How Jetlag And Nightshift Wreak Havoc On Your Genes
Sleep and systems biology researchers from the University of Surrey found that jet lag or working the late shift could have a significant impact on health. Researchers placed 22 participants on a 28-hour day schedule, delaying their sleep-wake cycle by four hours each day until sleep occurred during the middle of the day. The team then collected blood samples to measure the participants’ rhythms of gene expression.
The researchers wrote in the journal Proceedings of the National Academy of Sciences they found that during the disruption of sleep timing there was a six-fold reduction in the number of genes that displayed a circadian rhythm, which is the internal clock that regulates the body’s daily cycle.
“These rhythmic processes, together with posttranslational modification, constitute circadian oscillators in the brain and peripheral tissues, which drive rhythms in physiology and behavior, including the sleep–wake cycle. In humans, sleep is normally timed to occur during the biological night, when body temperature is low and melatonin is synthesized. Desynchrony of sleep–wake timing and other circadian rhythms, such as occurs in shift work and jet lag, is associated with disruption of rhythmicity in physiology and endocrinology,” the researchers wrote.
“However, to what extent mistimed sleep affects the molecular regulators of circadian rhythmicity remains to be established.”
The study revealed which genes are regulated by sleep-wake cycles and which are regulated by central body clocks.
“The results suggest that sleep-wake cycles affect molecular mechanisms which are at the core of the generation of circadian rhythms of gene transcription,” explained Professor Derk-Jan Dijk, who led the research, said in a statement. “This research may help us to understand the negative health outcomes associated with shift work, jet lag and other conditions in which temporal organization is compromised.”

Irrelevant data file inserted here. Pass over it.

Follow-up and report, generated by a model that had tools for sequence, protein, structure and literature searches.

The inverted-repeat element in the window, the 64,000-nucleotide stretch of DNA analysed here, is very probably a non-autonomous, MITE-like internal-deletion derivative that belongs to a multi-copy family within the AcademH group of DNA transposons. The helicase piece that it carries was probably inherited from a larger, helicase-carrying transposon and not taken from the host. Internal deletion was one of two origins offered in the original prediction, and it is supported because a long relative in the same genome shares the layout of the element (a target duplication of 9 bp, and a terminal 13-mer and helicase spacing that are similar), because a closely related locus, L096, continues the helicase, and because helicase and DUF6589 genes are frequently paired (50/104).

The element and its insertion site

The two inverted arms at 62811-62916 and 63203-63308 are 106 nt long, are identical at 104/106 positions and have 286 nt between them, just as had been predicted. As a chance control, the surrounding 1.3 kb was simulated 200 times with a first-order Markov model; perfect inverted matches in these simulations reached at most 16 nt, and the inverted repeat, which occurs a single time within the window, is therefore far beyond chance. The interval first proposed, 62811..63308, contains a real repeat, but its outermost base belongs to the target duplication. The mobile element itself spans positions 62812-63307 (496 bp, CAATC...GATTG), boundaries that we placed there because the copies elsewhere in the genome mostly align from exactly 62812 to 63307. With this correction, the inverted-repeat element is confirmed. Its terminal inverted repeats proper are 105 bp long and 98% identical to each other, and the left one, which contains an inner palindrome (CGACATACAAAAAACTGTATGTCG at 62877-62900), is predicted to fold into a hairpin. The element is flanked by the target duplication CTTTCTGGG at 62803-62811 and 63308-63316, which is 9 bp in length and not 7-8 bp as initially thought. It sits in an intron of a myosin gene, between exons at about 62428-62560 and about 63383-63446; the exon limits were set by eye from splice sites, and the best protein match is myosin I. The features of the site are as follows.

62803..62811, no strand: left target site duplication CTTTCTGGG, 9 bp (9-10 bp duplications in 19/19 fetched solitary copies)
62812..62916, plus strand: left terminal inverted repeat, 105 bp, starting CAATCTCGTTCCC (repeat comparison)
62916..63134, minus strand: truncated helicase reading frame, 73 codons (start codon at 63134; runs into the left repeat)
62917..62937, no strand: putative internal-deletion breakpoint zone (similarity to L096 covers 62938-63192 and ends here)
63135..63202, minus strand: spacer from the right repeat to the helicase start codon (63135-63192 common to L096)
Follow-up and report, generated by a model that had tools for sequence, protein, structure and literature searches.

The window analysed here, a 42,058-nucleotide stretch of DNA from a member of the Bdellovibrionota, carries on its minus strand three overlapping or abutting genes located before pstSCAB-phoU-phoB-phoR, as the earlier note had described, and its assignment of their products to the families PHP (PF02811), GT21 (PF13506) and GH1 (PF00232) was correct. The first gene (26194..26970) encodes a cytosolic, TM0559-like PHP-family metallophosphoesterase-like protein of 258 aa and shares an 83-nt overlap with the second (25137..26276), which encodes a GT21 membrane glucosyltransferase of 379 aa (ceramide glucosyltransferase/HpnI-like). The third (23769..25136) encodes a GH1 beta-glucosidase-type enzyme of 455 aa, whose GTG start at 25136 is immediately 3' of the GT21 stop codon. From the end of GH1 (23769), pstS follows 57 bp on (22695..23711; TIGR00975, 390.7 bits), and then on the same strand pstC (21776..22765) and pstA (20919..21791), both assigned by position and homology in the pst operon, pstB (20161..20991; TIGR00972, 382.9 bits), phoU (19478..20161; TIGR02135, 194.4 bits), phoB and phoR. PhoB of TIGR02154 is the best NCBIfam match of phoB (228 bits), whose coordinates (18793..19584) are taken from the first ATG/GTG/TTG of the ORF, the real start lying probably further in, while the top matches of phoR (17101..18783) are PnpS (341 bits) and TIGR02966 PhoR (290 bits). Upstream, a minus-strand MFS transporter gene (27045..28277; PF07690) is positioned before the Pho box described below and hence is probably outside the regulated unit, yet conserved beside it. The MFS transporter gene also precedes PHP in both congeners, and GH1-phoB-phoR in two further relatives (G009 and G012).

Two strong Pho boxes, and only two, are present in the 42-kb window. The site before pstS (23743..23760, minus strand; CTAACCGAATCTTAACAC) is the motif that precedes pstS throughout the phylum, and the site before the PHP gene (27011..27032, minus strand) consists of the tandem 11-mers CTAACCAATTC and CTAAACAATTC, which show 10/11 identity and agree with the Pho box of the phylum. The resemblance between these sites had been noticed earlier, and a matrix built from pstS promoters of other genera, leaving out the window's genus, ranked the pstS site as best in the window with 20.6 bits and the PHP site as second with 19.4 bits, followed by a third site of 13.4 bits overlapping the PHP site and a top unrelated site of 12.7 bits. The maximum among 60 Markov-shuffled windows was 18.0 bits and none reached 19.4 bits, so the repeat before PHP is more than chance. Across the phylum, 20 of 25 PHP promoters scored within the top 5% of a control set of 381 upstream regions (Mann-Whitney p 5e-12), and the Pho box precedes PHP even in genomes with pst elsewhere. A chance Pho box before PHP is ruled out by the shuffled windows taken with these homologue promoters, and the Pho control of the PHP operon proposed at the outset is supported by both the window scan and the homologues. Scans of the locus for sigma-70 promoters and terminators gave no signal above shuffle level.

Dijk said the findings imply that sleep-wake schedules can be used to influence bodily processes, which could be relevant for conditions in which circadian rhythmicity is altered.
“Over 97% of rhythmic genes became arrhythmic with mistimed sleep and this really underlines why we feel so bad during jet lag, or if we have to work irregular shifts,” said Dr Simon Archer, one of the leading authors of the research.
The team said they estimated the separate contribution of sleep and circadian rhythmicity and found the sleep-wake cycle coordinates the timing of transcription and translation in particular.
“The data show that mistimed sleep affects molecular processes at the core of circadian rhythm generation and imply that appropriate timing of sleep contributes significantly to the overall temporal organization of the human transcriptome,” the researchers wrote in the journal.